Lexer and parser generators using CTFE
youxkei at gmail.com
Tue Feb 28 06:58:08 PST 2012
(2012/02/28 16:59), Andrei Alexandrescu wrote:
> I'm starting a new thread on this because I think the matter is of
> strategic importance.
> We all felt for a long time that there's a lot of potential in CTFE, and
> potential applications have been discussed more than a few times,
> ranging from formatting strings parsed to DSLs and parser generators.
> Such feats are now approaching fruition because a number of factors
> * Dmitry Olshansky's regex library (now in Phobos) generates efficient D
> code straight from regexen.
> * The scope and quality of CTFE has improved enormously, making more
> advanced uses possible and even relatively easy (thanks Don!)
> * Hisayuki Mima implemented a parser generator in only 3000 lines of
> code (sadly, no comments or documentation yet :o))
> * With the occasion of that announcement we also find out Philippe
> Sigaud has already a competing design and implementation of a parser
> This is the kind of stuff I've had an eye on for the longest time. I'm
> saying it's of strategic importance because CTFE technology, though not
> new and already available with some languages, has unique powers when
> combined with other features of D. With CTFE we get to do things that
> are quite literally impossible to do in other languages.
> We need to have a easy-to-use, complete, seamless, and efficient
> lexer-parser generator combo in Phobos, pronto. The lexer itself could
> use a character-level PEG or a classic automaton, and emit tokens for
> consumption by a parser generator. The two should work in perfect tandem
> (no need for glue code). At the end of the day, defining a complete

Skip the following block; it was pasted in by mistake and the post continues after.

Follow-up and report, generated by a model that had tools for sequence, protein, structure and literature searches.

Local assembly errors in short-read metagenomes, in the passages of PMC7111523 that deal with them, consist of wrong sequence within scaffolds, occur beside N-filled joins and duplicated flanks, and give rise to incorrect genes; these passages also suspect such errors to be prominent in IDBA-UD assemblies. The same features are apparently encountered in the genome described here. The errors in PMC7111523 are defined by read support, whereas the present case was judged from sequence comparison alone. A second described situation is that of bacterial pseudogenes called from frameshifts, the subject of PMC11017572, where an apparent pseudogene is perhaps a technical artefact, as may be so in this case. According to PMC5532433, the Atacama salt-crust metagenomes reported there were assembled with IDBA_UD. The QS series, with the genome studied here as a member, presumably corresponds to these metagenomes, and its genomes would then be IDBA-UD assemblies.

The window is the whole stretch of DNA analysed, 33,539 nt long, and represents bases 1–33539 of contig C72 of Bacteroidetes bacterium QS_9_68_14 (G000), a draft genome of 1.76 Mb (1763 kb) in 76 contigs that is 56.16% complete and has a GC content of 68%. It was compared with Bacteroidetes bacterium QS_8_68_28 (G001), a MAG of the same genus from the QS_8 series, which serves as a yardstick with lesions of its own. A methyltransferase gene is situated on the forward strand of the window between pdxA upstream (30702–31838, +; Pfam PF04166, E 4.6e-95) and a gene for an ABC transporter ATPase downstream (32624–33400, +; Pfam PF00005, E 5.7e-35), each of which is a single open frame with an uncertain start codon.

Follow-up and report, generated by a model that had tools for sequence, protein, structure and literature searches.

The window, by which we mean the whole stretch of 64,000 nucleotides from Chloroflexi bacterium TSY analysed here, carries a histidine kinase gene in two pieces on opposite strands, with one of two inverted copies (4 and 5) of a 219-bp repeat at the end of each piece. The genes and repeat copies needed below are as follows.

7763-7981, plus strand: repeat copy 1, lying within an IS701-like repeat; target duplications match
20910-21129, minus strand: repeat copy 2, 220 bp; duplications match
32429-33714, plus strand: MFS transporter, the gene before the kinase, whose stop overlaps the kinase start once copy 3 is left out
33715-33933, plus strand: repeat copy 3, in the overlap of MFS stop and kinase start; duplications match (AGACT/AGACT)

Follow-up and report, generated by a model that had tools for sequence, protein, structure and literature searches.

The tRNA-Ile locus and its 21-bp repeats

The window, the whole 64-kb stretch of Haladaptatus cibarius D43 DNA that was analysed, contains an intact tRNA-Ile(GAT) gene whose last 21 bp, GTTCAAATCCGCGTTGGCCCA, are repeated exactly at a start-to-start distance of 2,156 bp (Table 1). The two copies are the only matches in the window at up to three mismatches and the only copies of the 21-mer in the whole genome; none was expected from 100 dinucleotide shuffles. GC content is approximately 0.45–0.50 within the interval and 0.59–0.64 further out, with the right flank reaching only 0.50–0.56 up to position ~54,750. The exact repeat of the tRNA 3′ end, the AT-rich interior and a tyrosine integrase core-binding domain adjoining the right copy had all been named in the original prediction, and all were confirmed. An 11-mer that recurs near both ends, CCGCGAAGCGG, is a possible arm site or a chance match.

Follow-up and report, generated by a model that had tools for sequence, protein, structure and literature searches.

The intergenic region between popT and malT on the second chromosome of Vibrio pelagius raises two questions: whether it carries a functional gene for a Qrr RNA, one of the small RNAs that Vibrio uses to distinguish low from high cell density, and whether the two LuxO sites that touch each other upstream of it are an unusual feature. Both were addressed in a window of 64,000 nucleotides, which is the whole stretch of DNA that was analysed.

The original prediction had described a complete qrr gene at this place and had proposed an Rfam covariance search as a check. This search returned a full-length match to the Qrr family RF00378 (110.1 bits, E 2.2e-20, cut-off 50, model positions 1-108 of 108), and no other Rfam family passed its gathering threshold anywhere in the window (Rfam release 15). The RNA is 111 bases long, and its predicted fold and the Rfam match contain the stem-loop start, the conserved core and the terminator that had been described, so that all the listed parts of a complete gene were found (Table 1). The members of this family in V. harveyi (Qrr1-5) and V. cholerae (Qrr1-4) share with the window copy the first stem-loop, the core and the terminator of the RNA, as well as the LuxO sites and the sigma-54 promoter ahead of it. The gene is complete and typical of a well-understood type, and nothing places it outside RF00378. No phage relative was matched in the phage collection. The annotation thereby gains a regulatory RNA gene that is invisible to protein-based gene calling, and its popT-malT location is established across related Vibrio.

> lexer+parser combo for a language should be just a few lines longer than
> the textual representation of the grammar itself.
> What do you all think? Let's get this project off the ground!
Certainly, I don't write yet the documentation of my library, ctpg.
(But a few examples available here:
So, I'd like to describe it here.
To be honest, ctpg is inspired by one module of Scala's standard
library, Parser Combinators.
One of the differences between Parser Combinators and ctpg is that
Parser Combinators generates parsers in run-time, but ctpg generates
parsers in compile-time by the power of CTFE and mixin.
A parser generated by ctpg is a recursive descent parser, so it does
lexical analysis and parsing at a time. And the type of input which it
can accept is string, wstring, dstring and ForwardRange whose element
type is char, wchar or dchar.
So, dividing lexical analysis and parsing into two processes is
difficult in ctpg.
Importantly, a parser generated by ctpg is statically typed as one of
the examples, "parsing simple arithmetic expression" shows.
Generally a parser generated by other tool and accepting tokens returns
the abstract syntax tree, but it return the evaluated value in the example.
In other words, it does lexical analysis, parsing and (type) converting
at a time.
If you want simply abstract syntax tree, it may be a little pain to use
That's all I'd like to say about ctpg here.
By the way, I wholeheartedly agree with Andrei's opinion. But currently,
I think, CTFE is limited because of this issue:
Without dealing with this issue, We couldn't bring out the full
potential of CTFE.
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